Mental Health: Fruit Flies Turn To Alcohol When Sexually Frustrated
Man has more than one thing in common with fruit flies, researchers have shown. The newest study, conducted by scientists from UC San Francisco and the Howard Hughes Medical Institute, show that fruit flies, like many humans, drink to drown their sorrows.
The researchers observed that when male fruit flies were consistently rejected sexually by female fruit flies, they chose to drink ethanol-spiked food over unspiked food. Some drank so much of the spiked food that they passed out. Sound familiar?
Fruit flies that were successful in mating did not tend to choose the spiked diet. This coincided with higher brain levels of a chemical called neuropeptide F, while those that drank the alcohol-laced food had lower levels of the brain chemical. Humans have a similar chemical in their brains called neuropeptide Y, which has been shown to be a significant player in human levels of stress and anxiety, as well as learning and memory.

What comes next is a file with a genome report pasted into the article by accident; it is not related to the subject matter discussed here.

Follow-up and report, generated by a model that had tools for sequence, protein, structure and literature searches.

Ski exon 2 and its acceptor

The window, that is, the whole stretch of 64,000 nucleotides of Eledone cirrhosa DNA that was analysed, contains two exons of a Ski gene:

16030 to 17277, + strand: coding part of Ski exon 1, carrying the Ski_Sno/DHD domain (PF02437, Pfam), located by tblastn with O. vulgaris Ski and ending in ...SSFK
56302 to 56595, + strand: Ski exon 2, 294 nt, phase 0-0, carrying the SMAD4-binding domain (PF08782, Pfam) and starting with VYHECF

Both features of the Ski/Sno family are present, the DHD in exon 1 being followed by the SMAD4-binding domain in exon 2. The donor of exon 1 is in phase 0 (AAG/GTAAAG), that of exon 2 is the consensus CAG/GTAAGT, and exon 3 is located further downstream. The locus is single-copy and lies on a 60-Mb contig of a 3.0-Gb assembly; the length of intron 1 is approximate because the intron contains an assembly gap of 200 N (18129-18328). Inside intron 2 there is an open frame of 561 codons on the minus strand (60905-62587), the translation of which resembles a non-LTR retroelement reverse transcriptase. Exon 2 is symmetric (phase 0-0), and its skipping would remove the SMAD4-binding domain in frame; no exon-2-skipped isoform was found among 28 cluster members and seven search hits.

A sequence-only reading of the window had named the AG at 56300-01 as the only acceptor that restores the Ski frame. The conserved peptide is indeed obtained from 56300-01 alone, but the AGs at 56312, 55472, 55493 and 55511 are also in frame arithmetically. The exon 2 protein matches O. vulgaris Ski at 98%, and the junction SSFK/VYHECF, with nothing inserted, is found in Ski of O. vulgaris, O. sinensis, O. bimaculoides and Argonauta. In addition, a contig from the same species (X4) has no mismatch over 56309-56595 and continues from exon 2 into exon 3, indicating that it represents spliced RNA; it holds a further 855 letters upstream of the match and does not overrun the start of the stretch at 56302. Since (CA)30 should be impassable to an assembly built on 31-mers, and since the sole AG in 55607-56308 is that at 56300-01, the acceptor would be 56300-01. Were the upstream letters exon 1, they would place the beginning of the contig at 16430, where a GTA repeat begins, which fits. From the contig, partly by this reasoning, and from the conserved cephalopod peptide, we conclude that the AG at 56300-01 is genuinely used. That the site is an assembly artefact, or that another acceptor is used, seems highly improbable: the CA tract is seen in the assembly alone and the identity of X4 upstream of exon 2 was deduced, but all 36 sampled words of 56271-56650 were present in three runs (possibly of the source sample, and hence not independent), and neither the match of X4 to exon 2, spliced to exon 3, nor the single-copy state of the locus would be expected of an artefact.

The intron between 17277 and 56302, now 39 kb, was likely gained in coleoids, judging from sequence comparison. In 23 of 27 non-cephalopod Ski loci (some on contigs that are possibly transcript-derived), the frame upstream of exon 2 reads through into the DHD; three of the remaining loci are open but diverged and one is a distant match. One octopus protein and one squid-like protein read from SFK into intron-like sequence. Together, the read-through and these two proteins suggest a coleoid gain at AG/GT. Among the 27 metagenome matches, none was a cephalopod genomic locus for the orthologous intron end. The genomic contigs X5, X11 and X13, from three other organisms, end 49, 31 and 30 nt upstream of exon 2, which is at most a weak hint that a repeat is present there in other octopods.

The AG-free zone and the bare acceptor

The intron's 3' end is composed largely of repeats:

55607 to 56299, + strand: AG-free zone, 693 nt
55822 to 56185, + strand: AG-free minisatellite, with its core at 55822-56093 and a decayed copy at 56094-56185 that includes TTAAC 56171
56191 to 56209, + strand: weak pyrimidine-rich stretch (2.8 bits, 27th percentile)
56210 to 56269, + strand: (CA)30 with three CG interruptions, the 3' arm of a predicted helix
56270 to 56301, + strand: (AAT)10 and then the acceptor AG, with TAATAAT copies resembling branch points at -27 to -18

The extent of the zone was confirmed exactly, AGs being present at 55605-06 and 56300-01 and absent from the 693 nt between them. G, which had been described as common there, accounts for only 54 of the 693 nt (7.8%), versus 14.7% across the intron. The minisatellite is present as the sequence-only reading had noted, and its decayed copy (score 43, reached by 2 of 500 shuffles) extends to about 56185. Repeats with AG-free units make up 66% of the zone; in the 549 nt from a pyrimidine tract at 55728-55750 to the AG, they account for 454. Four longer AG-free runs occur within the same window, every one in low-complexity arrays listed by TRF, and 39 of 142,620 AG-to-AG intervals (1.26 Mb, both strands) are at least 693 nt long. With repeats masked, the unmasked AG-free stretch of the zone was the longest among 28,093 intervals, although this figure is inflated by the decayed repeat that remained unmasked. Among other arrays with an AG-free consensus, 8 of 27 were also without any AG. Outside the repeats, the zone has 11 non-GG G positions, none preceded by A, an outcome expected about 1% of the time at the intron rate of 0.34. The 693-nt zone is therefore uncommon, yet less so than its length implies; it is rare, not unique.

While the authors write that eventual sexual fulfillment of the male fruit fly will raise levels of neuropeptide F and reduce consumption of ethanol-spiked food, the study emphasizes the effect of social experiences on addictive behavior. In humans, the social experience (rejection) might be sexual or from any other real or perceived rejection (disrespect, lost job, etc.), the inference being that when human desires are fulfilled, the need for addiction is not present, or could be reversed.
The study, Sexual Deprivation Increases Ethanol Intake in Drosophila, is reported in the journal Science
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